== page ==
Opinion: Why are the Wolfpack unhappy over Qualifiers?

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Ahead of their maiden campaign in The Qualifiers, Toronto Wolfpack – one of the favourites to reach Super League out of the eight teams involved – are said to be unhappy with the schedule they will have to contend with as they aim to earn promotion.

In fact, the club have even suggested that the ‘bigger’ clubs are so keen to hinder their quest for promotion that they have pressured the RFL to give them a more challenging schedule. The Wolfpack were keen to play their three away matches in The Qualifiers in a row before returning to Canada to close with their four home matches and said as much in a request to the RFL before the fixture list was finalised. Playing matches in blocks of home and away fixtures has been how the Wolfpack have played out their first two seasons but the RFL refused that request. Instead – like every other club in the competition – they will have alternating matches between home and away.

That is, of course, a general rule as there are instances where teams have two home matches in a row – indeed, the Wolfpack are one of them where, either side of the Challenge Cup final weekend, they play host to Hull KR and London Broncos. However, despite the fact that they are operating under pretty much the same schedule as every other club in either the Super League top eight, The Qualifiers or the Championship Shield, the Canadians view this as unfair treatment.

It perhaps gives an indication as to how Toronto – should they reach Super League – will hope to see their fixtures play out. It is believed, though, that alternating home and away fixtures beckon for the Canadians if they reach the top tier which, really, is only fair. After all, they shouldn’t be given any different treatment to the other clubs in their competition – if they didn’t want to have to commute from North America to the UK each fortnight, perhaps entering a predominantly English league structure wasn’t a great idea for the team.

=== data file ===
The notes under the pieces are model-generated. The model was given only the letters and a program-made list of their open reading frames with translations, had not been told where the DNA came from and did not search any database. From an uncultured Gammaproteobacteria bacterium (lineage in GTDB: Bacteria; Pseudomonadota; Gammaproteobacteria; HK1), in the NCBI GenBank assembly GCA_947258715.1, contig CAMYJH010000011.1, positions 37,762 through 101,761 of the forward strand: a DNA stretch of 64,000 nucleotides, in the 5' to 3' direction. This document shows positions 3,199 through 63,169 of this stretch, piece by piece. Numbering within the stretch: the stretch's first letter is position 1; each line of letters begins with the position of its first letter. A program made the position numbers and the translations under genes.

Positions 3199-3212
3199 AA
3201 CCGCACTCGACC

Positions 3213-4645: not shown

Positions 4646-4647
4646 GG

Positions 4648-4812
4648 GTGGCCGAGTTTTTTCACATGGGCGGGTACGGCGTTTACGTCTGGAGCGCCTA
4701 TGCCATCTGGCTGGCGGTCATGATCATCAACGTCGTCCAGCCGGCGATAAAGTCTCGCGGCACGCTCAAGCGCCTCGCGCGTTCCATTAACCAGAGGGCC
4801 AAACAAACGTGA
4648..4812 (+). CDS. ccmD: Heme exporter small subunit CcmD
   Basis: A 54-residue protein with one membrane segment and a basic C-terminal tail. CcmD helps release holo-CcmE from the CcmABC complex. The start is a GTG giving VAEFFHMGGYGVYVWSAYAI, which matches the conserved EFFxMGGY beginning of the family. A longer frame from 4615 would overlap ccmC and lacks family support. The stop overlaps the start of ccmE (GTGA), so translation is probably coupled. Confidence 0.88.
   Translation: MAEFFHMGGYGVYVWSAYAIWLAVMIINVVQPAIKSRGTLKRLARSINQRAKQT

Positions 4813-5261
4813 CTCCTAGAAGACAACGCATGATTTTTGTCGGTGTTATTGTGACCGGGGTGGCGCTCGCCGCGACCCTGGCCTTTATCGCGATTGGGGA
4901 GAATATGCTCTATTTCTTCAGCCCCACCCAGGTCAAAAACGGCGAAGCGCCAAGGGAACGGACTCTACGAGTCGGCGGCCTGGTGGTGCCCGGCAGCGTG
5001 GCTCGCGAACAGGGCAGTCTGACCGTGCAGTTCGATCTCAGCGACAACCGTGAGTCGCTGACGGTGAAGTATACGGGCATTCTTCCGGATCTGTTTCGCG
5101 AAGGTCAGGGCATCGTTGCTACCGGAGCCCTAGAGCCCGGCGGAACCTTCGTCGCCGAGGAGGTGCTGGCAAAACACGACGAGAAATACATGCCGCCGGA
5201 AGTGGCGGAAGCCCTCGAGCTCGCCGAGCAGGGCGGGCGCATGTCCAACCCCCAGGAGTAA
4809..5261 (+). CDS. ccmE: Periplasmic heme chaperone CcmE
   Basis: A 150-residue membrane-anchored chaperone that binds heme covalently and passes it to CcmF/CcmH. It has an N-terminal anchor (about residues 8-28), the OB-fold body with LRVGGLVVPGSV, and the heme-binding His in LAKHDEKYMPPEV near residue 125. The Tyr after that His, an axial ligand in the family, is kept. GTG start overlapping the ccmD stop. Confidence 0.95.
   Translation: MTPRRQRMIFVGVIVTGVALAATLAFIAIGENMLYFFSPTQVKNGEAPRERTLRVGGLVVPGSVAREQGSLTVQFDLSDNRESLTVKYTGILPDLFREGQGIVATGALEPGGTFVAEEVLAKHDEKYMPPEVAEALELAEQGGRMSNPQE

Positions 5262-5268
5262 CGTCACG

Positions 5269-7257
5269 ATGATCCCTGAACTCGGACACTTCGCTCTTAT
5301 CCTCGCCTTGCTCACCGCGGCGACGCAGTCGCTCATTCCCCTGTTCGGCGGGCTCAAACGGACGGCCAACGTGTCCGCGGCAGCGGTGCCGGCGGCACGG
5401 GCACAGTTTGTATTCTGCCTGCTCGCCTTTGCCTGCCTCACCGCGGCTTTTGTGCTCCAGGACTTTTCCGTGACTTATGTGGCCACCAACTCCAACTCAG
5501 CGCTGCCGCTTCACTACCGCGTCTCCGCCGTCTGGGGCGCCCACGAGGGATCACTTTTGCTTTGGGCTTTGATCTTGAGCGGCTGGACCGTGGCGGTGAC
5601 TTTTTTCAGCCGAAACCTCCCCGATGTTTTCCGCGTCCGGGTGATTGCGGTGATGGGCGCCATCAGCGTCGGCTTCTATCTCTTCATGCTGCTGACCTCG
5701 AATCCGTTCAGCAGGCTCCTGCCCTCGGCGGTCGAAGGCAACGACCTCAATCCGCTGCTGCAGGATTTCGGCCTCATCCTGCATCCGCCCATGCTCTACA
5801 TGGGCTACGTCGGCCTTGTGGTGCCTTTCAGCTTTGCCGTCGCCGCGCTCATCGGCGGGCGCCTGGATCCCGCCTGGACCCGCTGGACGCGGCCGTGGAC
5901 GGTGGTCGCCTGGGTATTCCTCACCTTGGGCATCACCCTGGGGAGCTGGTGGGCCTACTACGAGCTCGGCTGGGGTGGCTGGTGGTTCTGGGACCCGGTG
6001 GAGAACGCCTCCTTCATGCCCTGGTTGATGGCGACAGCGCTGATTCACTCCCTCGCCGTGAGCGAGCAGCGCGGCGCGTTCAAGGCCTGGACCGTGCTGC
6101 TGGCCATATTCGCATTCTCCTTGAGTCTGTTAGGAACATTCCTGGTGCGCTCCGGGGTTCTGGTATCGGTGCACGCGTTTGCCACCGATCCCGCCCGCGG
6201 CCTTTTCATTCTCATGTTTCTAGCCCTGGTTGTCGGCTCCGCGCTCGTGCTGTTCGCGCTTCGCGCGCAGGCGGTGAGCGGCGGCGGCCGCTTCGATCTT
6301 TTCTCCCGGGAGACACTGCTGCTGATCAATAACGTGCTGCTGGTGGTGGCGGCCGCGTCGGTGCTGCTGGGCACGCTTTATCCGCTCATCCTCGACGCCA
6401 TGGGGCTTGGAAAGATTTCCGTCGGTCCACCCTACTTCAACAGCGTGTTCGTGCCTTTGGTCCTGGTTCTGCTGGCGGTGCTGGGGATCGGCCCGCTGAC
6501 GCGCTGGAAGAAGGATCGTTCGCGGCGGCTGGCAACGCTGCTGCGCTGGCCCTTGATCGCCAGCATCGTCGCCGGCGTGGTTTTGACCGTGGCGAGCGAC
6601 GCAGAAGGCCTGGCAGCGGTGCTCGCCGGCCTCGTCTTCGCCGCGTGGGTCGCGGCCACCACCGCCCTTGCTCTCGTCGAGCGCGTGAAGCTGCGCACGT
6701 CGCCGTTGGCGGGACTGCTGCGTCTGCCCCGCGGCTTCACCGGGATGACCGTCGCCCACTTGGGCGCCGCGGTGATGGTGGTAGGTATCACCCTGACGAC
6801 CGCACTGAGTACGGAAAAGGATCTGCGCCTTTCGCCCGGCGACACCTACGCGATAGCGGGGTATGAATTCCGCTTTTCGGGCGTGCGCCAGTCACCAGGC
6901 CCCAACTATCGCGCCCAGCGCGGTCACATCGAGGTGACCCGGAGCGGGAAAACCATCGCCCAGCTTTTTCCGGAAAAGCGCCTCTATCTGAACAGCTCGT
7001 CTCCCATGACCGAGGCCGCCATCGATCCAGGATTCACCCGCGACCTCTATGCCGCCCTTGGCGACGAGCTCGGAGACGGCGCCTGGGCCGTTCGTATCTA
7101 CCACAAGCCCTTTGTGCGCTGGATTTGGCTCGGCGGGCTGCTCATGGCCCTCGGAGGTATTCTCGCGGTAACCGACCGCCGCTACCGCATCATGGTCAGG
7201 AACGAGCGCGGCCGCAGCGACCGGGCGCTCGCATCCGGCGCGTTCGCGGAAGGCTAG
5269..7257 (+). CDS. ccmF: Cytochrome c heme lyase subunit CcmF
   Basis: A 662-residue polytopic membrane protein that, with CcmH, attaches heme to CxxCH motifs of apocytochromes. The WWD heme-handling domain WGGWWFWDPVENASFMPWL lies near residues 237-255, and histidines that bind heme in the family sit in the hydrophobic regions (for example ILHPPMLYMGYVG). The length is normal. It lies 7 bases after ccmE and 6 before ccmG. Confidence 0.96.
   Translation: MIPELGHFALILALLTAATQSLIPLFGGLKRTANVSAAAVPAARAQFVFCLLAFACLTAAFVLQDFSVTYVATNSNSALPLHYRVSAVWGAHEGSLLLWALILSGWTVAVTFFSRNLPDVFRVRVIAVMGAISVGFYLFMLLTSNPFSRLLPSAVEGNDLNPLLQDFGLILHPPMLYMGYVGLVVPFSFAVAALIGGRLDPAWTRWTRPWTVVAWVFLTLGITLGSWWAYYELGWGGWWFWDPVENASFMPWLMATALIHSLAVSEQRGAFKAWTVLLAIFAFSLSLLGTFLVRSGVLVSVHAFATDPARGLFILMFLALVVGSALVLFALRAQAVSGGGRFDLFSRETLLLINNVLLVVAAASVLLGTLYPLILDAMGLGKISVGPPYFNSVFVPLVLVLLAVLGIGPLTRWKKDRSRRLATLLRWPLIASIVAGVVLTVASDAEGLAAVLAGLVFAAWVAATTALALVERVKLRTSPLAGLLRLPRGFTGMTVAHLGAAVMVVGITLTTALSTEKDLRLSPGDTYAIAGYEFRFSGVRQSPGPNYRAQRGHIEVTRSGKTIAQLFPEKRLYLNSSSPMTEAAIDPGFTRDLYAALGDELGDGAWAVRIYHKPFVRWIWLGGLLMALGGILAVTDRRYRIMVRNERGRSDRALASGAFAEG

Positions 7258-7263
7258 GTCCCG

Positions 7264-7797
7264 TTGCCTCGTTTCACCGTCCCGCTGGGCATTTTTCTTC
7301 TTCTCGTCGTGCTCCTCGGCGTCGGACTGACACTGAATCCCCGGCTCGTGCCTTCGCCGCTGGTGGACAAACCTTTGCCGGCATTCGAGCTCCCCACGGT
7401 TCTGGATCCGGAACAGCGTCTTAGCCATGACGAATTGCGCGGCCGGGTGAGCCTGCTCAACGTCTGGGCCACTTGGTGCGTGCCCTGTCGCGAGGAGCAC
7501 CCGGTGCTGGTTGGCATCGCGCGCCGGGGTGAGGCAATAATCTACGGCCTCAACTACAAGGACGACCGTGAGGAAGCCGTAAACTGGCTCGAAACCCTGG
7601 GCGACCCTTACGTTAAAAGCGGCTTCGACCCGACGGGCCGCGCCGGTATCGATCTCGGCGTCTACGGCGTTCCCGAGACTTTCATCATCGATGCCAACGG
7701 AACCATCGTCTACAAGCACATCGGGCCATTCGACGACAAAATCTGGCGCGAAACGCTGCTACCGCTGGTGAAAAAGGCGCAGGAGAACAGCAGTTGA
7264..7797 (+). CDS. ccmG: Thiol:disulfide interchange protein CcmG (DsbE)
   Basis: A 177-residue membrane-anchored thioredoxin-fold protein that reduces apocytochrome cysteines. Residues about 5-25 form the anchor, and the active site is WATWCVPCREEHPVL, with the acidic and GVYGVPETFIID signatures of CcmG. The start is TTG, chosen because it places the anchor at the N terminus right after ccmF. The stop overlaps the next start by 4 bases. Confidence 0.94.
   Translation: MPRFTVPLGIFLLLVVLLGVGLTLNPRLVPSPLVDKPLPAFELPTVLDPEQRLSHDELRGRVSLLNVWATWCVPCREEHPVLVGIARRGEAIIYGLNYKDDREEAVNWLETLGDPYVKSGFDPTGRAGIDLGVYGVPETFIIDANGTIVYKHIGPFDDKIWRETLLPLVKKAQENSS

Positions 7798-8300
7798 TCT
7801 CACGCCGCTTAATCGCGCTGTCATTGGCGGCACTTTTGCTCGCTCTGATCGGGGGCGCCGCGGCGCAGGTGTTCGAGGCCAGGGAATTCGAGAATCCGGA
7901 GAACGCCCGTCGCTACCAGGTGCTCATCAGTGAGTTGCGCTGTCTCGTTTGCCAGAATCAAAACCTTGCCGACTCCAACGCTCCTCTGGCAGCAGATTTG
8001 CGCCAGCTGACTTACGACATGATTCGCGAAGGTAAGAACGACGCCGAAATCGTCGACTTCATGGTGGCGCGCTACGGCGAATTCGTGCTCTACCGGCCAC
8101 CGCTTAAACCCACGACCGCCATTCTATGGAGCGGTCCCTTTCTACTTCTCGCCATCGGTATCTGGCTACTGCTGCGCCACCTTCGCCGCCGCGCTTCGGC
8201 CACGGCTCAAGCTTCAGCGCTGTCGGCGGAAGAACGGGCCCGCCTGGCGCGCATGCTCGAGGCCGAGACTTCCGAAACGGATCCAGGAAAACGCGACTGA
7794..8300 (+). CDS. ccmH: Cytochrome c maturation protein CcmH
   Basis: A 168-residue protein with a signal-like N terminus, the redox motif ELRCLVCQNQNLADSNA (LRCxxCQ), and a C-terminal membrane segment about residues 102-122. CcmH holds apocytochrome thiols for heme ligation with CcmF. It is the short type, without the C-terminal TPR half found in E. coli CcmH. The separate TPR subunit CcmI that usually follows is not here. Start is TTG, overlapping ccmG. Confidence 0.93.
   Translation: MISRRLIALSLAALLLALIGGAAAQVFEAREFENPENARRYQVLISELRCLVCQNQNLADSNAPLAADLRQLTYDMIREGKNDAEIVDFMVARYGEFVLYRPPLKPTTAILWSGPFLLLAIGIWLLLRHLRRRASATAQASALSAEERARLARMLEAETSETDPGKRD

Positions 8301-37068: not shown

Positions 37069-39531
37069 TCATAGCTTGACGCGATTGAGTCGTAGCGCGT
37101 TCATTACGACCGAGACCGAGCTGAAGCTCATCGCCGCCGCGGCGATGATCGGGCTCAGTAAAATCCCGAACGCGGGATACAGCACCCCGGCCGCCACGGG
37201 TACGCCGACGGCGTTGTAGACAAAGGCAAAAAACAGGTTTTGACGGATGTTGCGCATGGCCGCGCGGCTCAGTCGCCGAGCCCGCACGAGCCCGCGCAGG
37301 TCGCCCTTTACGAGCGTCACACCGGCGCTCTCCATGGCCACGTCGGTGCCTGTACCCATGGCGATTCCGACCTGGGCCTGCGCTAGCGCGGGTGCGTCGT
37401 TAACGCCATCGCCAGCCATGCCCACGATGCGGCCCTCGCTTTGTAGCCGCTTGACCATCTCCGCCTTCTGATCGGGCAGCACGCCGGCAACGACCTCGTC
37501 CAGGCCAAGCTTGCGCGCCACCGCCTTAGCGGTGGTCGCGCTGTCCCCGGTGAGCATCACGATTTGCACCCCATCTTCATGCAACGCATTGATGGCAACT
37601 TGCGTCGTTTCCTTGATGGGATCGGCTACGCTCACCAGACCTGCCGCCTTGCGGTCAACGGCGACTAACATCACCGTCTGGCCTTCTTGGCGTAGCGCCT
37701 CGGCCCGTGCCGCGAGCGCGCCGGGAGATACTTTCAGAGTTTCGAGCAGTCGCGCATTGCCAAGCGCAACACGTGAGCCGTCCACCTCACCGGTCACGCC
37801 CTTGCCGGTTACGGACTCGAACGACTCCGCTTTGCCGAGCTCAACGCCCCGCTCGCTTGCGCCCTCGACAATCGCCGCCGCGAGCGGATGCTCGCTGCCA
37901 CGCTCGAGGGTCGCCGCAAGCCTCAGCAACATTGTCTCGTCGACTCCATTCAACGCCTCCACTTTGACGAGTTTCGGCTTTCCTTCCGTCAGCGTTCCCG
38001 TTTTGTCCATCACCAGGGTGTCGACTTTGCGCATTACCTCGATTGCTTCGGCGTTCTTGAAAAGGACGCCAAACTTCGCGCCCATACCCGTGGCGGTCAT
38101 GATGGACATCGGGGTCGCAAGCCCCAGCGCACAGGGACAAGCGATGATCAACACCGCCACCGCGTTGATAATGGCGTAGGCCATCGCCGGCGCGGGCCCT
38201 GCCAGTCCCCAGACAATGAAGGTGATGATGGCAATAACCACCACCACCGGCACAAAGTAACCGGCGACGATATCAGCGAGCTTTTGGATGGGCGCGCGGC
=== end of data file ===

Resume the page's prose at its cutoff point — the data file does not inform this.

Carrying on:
• Disagree, Joe. Having seen expansion attempts fail so many times, favourable scheduling is vital, fair and the only practical way a disadvantaged-by-distance club can be accommodated.


  1. There will be a problem with playing games in February and early March with the extreme weather snow and the temperature. In saying that Toronto does have some nice days in February were the temperature does get up into low minus when the teams could play. This would not be good for both teams. The game would have to be rescheduled to later in the season which would mean A Sunday game followed by a Thursday game so on and on. No easy way around the weather Even in the north of England cancellations happen re this years Wakefield game due snow.


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